Sunday, October 01, 2006

Title Poem?

It's that time of year again (I just got Poet's Market 2007), so I'm putting together a book-length collection of poems just in case I want to wast $300 on poetry contests this Fall and Winter (after taking last year off).

I've been struggling with titles for this very optimistically projected volume, and want something that sounds more active (or at least gerundive) than "The Miracle Shirker". So I've gone from "Drowning by Letters" (too cute for its own good, perhaps) to "Swimming the Mirror" (too obscurely narcissistic) to "Selling Home." This latest candidate is still my favorite, partly for its simplicity, and I think the poem to which it as attached is pretty important to the volume itself.

Here's the poem:

Selling Home

Cut your losses as short as you can:
the tiny place you grew up in
was gone long before it was disowned.
You sold it out by knowing better,
by leaving town, by living larger
than its little rules had room for,
by getting bored with the games it hid
in child-sized cupboards. The thin plywood
basement ceilings barely withstood
the fits of toy wars thrown for friends,
the force-fed parties, the odd cake-stains
on the walls, that hardened just like sins
or cynicism, till your parents noticed,
cleaned them up, and blamed adolescence.
They were only yours while you took
them all for granted. Still, an ache,
possessiveness in retrospect,
a hunger for the unreal estate
of youth, soon forms a second thought
after the small property is bought
by some new family starting up
the narrow path to the threshold of hope,
their plans so tall they forget to stoop.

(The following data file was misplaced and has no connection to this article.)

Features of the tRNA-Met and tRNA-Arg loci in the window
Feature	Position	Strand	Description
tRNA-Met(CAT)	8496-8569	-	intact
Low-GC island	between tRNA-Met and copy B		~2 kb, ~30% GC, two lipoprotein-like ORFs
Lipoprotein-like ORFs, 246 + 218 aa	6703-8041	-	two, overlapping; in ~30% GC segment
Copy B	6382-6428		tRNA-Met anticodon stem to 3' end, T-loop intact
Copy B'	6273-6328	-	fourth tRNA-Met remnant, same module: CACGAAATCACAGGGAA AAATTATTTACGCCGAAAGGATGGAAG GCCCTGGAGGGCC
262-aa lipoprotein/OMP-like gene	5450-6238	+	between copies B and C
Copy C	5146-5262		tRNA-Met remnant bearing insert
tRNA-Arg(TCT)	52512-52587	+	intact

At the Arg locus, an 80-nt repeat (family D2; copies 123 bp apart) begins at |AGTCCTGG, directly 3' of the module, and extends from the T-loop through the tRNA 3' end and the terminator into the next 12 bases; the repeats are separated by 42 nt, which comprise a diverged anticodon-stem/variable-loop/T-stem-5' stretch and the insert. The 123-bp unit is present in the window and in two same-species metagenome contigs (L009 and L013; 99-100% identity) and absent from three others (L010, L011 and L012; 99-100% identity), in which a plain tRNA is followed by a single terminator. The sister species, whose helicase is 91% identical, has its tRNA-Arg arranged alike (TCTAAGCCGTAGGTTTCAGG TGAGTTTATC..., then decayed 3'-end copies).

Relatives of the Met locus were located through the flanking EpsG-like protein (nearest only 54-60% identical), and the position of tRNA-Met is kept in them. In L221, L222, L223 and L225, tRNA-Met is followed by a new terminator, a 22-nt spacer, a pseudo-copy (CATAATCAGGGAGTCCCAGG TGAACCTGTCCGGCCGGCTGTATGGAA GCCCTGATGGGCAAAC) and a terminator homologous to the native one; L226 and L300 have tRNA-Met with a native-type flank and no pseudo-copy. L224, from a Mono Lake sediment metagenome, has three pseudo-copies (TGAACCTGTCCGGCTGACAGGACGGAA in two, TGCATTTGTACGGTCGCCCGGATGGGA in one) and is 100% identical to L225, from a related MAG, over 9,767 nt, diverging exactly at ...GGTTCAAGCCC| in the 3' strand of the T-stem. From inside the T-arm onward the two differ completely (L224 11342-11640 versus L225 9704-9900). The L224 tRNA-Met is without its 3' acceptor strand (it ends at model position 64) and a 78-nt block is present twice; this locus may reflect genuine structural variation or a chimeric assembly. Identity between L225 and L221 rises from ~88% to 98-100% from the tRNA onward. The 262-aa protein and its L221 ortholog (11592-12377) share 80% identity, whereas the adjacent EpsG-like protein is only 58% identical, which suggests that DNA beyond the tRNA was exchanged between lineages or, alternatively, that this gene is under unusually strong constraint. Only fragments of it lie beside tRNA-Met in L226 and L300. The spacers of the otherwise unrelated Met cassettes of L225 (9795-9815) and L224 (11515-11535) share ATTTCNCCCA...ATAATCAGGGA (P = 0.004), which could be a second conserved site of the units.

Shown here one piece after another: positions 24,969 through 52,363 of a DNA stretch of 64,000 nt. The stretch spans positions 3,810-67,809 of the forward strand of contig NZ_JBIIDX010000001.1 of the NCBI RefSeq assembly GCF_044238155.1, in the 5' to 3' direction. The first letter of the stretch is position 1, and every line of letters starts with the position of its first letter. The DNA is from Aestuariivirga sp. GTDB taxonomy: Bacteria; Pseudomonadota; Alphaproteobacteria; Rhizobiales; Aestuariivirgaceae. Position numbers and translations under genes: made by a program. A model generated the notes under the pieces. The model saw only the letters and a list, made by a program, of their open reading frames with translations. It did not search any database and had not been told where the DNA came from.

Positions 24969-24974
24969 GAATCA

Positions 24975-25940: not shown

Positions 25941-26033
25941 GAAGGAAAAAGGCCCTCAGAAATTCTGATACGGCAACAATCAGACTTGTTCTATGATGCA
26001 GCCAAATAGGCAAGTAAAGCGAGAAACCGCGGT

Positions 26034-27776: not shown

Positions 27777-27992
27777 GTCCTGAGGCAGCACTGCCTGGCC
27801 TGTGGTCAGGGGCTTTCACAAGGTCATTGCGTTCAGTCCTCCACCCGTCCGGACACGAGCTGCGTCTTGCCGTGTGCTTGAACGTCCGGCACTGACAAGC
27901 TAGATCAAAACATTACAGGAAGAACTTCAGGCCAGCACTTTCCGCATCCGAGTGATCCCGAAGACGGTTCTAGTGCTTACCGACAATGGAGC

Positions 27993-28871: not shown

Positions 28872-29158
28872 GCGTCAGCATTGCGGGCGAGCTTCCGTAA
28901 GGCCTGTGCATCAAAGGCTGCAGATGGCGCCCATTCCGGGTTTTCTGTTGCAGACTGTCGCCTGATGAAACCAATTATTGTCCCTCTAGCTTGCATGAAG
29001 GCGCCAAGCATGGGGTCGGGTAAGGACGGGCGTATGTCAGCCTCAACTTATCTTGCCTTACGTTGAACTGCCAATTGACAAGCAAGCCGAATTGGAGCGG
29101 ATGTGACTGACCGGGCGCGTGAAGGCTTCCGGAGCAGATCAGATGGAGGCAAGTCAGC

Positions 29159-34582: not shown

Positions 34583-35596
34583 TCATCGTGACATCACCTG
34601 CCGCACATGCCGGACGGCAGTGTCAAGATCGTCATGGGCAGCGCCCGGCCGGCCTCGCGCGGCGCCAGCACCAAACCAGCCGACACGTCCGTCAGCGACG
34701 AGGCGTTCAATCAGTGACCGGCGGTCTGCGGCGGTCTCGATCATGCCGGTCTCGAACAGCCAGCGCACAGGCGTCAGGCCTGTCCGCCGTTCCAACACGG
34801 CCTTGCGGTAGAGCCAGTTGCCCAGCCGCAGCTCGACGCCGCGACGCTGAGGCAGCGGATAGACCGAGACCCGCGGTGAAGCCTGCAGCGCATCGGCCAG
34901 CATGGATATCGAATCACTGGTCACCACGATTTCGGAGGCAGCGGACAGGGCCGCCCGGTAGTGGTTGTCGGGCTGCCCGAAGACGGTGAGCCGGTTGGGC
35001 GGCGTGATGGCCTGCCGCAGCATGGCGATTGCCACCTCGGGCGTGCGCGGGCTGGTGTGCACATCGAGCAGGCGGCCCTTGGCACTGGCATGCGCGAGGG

So, what's the verdict? Too poignant? Too nebulously nostalgic? Does the title seem like it could carry a whole book on these same themes (childhood, growing up, having kids)?

More broadly, what are some exceptionally good titles for books of poems you've encountered lately? I'm still partial to "Hello Serotonin," Jon Paul Fiorentino's book (mentioned in the 8/01/06 entry here ("Doomed Fan Letters"). That title grabbed me and the book didn't relinquish its hold for a while.

I've also always loved Hart Crane's "White Buildings." Elegant, with a touch of textual self-consciousness (what are poems but buildings on a white page?).


Blogger Victor Schnickelfritz said...

I think this poem is one that effortlessly glides to its end so that the patented Buchanian line poised to give pause does a disservice. The line I am referring to is "possessive in retrospect." I love the syncopation of that line, so I know it's hard to give it up for the sonic kick in the pants it provides. I just think that the imagery and logic of the situation dictate its removal.

I don't have a problem hearkening back to a time and place that goes largely unmentioned. I think that the childhood town is territory that is well-worn enough that the place becomes universal without mentioning it specifically.

It's hard to comment on whether it would work as a title piece without seeing the rest of te pieces.

I am always cautious about books of poems that tread upon the domestic themes as their only outlet. I don't always get the warm and fuzzies reading about others' parenting triumphs and tragedies.

I might suggest a whole book of poems about Hart Crane's childhood.

10:37 PM  
Blogger ~Larry Star~ said...

"...and want something that sounds more active (or at least gerundive) than "The Miracle Shirker".

I love the concept of gerundive titles - coupling that with yours, how about, "Shirking Miracles?" Just a thought.

Selling Home is a good title, too, but given I don't know the overall flavor of the book, a title with the word "Miracle" in it may pique one's interest in the book more. (There is also the fact that I have no idea what I am talking about.)

Keep on bloggin'.

1:30 PM  
Anonymous Brad said...

Thanks for the encouragement, Larry.

However, I'm afraid it's a fait accompli: "The Miracle Shirker" was published a while back; I'd be glad to send you a copy if you're interested. Just shoot me your snail mail address at

yours, Brad

9:52 PM  
Anonymous Brad said...

whoops. make that

9:53 PM  

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